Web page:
In the early days of Optomec, LENS processing typically included laser powers of around 300 to 500 W (LENS, or “laser engineered net shaping”, is a form of DED using a laser heat source to melt the substrate and metal powder that is blown with argon gas into the molten pool). Nowadays with technical advancements in lasers and processing capabilities, coupled with industry’s desire to process larger and larger parts at faster rates, Optomec LENS systems have increased available laser power ranges in their systems from 500 W to 1 kW, 2 kW, and now even 3 kW systems, making higher-powered laser capability available to all users.

As metal additive manufacturing users continue to seek higher laser powers, faster speeds, and improved deposition rates to maximize production they also don’t want to sacrifice the quality of the build. With DED processing including higher laser powers, the challenge becomes more about harnessing that power to enable optimal DED processing. For processing over today’s ranges of laser power it is important to be able to control power density. The ability to vary the focused laser spot size in order to control power density during processing becomes a critical factor.

What happens when laser power is substantially increased, yet the area to which that power is delivered remains constant? As a very simple analogy, the power density increase from the higher-powered laser would be like the difference between water flowing from a showerhead versus a fire hose – one does the job perfectly while the other is overwhelming. In a similar fashion, the lack of variability in power density during DED processing could have a deleterious effect on the part build.

Optomec’s latest white paper looks at power density in more detail and explains how important it is to maintain proper power density for effective DED processing. As illustrated in the white paper, too much increase in power density can take the process from a conduction mode (desirable) into a keyhole mode (undesirable) in which the laser “digs” very deep into the substrate, vaporizing material and essential elements within the chemical composition of the metal being deposited, creating defects, and essentially wreaking havoc on the process by completely changing the process mode. While power densities that create a keyhole effect may be desirable for some process applications (i.e. keyhole welding or laser cutting applications), the DED process is carried out optimally in the conduction mode only.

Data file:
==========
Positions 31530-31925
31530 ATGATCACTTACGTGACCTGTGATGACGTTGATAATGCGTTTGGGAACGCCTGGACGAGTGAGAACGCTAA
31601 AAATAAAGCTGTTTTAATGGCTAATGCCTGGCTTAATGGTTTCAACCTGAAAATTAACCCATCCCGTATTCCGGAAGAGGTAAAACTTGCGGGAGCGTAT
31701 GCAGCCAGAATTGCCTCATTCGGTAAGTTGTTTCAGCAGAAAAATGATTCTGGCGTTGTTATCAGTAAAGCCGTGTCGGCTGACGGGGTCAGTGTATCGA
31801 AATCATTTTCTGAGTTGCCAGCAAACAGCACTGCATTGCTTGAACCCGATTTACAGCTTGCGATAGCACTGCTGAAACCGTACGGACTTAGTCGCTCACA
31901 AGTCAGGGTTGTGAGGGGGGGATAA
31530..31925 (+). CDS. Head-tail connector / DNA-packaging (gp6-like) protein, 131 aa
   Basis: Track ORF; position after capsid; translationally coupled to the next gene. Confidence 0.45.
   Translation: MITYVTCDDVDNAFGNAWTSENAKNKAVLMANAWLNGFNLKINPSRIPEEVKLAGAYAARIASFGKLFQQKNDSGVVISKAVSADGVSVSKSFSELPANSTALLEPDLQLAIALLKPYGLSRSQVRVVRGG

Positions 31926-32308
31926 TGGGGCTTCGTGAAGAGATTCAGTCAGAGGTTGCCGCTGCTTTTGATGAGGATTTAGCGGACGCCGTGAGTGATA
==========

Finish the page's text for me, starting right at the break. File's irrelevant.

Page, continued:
With increasing laser powers introduced into its systems, Optomec faced the challenge of how to keep a consistent power density and thus a stable conductive process over a wide range of laser powers. Since power density is defined as power applied over a given area (in this case laser power delivered through a laser spot size area focused at the substrate), the obvious answer would be to increase the laser spot size.

The focused laser spot size is determined by three factors: the laser fiber cable diameter, the collimator lens focal length, and the focus lens focal length. If a customer could identify the power range of their application, then a suitable fiber cable size, collimator, and focusing lens could be chosen for the customer for optimal processing at that given laser power.

However, what if a customer wanted to carry out DED processing over a wide range of laser powers? It would not be practical for a customer to have to switch fiber cables or optics in the optics train in order to accommodate a wide range of laser powers.

If this describes you, a customer who wishes to use DED to process a wide range of parts using a wide range of laser powers, fret not! Optomec now has the solution in its new laser deposition head. Optomec’s newly released LDH 3.X is equipped with a variable optics system that can create three discreet focused spot sizes to accommodate for large changes in laser power, all in one deposition head.

The LDH 3.X was designed specifically for optimal DED processing with laser powers from 500 W to 3 kW. With improved channeling for water cooling the head, the LDH 3.X will not overheat while operating at high powers and for long build times as required in industries today. With the LDH 3.X a 0.6 mm focused spot size can be chosen for processing smaller parts or intricate feature building, then switched to 2 or 3 mm focused spot sizes for increased laser powers for larger builds or clad type operations. All applications, all laser powers, all covered with the new LDH 3.X laser deposition head from Optomec.

In addition to advanced water cooling and variable optics for up to three focused spot sizes in one head, the new LDH 3.X also has a quick connect/disconnect nozzle system where different types of processing nozzles (4-tip, coaxial, high overhang, etc.) can quickly and easily be interchanged to optimize printing for all application types.

For more information on Optomec’s new LDH 3.X laser deposition head, visit our contact page or download the white paper today.

Download Whitepaper – Effects Of Power Density